A local golf course has a new owner and is in search of a profit.
The Club at Viniterra, a 225-acre course that was part of a grand vision of a winery community in New Kent County, was sold in late December to Greenville, S.C.-based Wingfield Properties.
Wingfield had since 2011 managed the five-year old course for its original developer, Rocky Mount, N.C.-based Boddie-Noell. That company still owns the surrounding New Kent Winery and Viniterra residential development, which opened in 2007.
Wingfield comes in to right the ship after the course, which was initially a private club that was to cater to the surrounding residents, was hit hard when development on the subdivisions halted after the recession.
Barton Tuck, president and owner of Wingfield Properties, said his company has made the course semi-private, which opened it the public and helped draw in more business.
“We had been involved with Bodie-Noell, trying to structure the golf course in a different position to see if we could make it work economically,” Tuck said. “It performed very poorly when it was private. When we turned it to semi-private, we more than doubled the amount of playing revenue [for the year].”
In the year prior to turning it semi-private, the course had about 9,000 rounds of golf played. That improved to just over 20,000 rounds in 2012, Tuck said.
“I would suspect this year we’ll probably do 24,000 to 25,000 rounds,” he said.
Tuck would not say how much his company paid for the course.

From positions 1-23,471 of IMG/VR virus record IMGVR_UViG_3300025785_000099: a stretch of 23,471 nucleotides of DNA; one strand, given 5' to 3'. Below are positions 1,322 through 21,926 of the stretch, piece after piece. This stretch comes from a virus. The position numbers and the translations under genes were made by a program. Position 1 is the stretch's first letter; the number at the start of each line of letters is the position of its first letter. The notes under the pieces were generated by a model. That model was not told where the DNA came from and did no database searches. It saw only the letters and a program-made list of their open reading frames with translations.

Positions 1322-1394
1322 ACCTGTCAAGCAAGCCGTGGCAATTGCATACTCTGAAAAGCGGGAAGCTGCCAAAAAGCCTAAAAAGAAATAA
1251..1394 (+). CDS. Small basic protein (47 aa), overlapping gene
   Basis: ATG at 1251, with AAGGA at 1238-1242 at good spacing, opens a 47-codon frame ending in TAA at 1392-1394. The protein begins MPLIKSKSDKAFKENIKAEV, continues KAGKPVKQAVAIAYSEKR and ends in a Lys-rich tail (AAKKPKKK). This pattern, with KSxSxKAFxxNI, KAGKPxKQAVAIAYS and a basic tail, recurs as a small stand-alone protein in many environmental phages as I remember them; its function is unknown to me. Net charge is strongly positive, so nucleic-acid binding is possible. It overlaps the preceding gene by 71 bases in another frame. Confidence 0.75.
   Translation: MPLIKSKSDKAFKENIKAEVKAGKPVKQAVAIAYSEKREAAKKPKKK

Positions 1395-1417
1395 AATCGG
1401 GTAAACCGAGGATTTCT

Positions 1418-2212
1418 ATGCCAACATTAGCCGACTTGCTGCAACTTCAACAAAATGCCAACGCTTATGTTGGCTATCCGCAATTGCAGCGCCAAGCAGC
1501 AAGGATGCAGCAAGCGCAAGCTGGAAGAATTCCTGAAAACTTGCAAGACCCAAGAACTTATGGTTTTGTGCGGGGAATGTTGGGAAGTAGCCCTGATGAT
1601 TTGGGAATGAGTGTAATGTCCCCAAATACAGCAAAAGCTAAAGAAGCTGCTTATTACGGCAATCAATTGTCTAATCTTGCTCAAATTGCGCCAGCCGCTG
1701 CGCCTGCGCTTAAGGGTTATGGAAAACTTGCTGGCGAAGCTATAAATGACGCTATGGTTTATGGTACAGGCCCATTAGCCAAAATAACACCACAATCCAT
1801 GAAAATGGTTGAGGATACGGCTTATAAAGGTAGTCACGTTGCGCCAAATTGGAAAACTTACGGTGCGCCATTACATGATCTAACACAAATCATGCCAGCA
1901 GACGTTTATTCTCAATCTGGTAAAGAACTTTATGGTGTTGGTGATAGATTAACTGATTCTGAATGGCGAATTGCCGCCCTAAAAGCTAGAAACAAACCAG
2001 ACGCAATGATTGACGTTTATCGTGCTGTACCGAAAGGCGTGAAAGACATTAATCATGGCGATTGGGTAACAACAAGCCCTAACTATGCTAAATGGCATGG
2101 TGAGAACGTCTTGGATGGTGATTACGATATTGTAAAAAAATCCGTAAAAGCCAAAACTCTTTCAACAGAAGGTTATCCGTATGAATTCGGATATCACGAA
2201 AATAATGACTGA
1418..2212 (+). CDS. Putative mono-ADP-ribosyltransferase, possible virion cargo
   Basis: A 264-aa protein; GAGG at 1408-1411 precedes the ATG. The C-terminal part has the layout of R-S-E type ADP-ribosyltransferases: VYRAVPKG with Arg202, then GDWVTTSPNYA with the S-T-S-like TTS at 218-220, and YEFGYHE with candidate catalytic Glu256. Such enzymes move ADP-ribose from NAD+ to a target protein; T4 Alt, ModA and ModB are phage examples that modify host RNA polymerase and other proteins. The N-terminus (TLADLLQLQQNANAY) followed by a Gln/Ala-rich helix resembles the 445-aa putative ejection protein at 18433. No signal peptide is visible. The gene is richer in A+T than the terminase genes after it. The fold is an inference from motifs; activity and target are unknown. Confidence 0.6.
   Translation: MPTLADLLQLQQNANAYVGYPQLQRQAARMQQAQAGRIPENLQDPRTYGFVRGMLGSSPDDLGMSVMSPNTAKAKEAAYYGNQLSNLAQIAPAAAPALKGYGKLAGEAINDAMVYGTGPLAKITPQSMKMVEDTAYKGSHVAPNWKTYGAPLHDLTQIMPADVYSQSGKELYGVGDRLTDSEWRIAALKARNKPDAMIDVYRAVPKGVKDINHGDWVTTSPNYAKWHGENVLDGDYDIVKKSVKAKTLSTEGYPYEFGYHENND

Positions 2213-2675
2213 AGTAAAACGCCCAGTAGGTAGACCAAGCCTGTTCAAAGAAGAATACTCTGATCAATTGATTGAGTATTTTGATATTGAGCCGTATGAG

The club has 70 members, mostly residents from the surrounding community. A round at the course on average runs about $50 round, including a cart.
Tuck’s firm has plans for a 14,000-square-foot clubhouse that will cost about $3 million, but that will depend on the financial performance of the course.
“We’re trying to get profitable before we pull the trigger on building the clubhouse,” he said.
Tuck knows the game. He developed and ran the Highlands Golf Course and Lake Chesdin Golfers Club, both in Chesterfield. His previous company at one time owned and managed 35 golf courses Louisiana, Maryland, Florida and Tennessee. That was before he sold the company in 1999.
“That was a good time to sell,” Tuck said. “These days, it’s a buyer’s market if you can make the numbers work.
Tuck estimates that it will take $1.5 million in annual revenue for the course to break even.
“Turning a golf course inside out and making it something different is not the easiest task in the world,” he said. “Golf doesn’t turn on a dime. It’s going to take some time.”
Through various LLCs, Wingfield owns five courses, which in addition to the Club at Viniterra include two in Memphis, Tenn., and South Riding Golf Club and Pleasant Valley Golf Club in Northern Virginia. Tuck’s son, Noel, is general manager at the Club at Viniterra.
Many of Viniterra’s Richmond are competitors have also struggled in recent years. Just last month, Prince George Golf Club filed for Chapter 11 bankruptcy protection.